Hey MuseScore… Where Are We Going? (MuseScore 4.1)

Posted on July 16, 2023

 musescore 4.1

I need to start this post by making something very clear: I’m extremely, outrageously grateful MuseScore exists. It works much better than its competitors, while being much cheaper (i.e. free instead of an exorbitant amount of money). As such, it’s my notation software of choice. It always has been. That being said, I’m growing a bit... concerned about the direction of its development. 

MuseScore just got another update this past week. Version 4 came out at the end of last year, and was chock full of both new features and bugs. A small update was released a few weeks afterward which didn’t fix much, so this latest version (4.1) has been a long–awaited one for me. Over the last few months of transcribing, I’ve been adding a somewhat obnoxious section to my posts called “MuseScore 4 Bug of the Week”.

Despite the fact that a laundry list of improvements was published (with many bugs that I’ve never encountered myself), most of the things I complain about have not been fixed.

The most depressing problem is shortcuts for changing text: ⌘B and ⌘I. They don’t do anything in version 4. Well, they don’t do anything when text is highlighted that is. Otherwise, ⌘B is supposed to add an extra measure to the project. The deft balance of two ⌘B shortcuts was once mastered by the program, but no longer.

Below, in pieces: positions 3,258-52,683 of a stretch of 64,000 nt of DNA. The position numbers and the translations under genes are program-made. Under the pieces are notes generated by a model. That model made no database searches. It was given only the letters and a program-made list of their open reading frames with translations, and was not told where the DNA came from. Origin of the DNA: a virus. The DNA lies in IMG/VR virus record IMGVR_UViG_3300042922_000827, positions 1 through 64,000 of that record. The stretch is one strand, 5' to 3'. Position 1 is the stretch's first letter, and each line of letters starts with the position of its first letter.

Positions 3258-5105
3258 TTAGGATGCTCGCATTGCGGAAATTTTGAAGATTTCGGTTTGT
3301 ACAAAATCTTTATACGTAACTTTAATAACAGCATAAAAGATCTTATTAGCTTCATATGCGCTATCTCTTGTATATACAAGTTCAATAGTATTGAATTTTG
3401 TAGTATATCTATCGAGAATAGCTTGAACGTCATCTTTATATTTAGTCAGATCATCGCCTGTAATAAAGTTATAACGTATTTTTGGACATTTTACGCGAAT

I know this seems like a nitpick since it’s easy enough to change text manually... but for god’s sake, these shortcuts are described by some as “sacred”, and they’ve been around forever. I could forgive eschewing these shortcuts if your software isn’t a WYSIWYG editor that concerns text (e.g. Logic Pro), but typesetting is an important element of sheet music.

To add insult to injury, ⌘U still works to underline something, although this is perhaps the most useless of the bunch; you should rarely underline text in the digital age because someone might mistake it for a link. The only time you should really underline is if you cannot italicize something.

Here’re some other blunders: searching for font families still doesn’t work, and may instead trigger random shortcuts; copying text from MuseScore and pasting it outside the software continues to spit out the text in a markup language. The measure width shortcut remains broken (BTW, measure width in the inspector is called stretch in the menu for some reason, which just makes things seem even more slapdash).

When going in and out of note entry mode, MuseScore continues to forget what drum you had selected, requiring you to reselect it (this is slowing me down horrendously). And after starting playback on a pitched instrument, the first few notes often won’t be played (by some miracle this doesn’t seem to be a problem at all for drum scores).

Something that’s really driving me crazy comes when you try to open multiple scores at once. Instead of using multiple tabs, the software just launches itself twice. 

Now, this might not be a glitch per se — I tracked down an explanation from MuseScore developer Marc Sabatella, who pins the problem on Apple: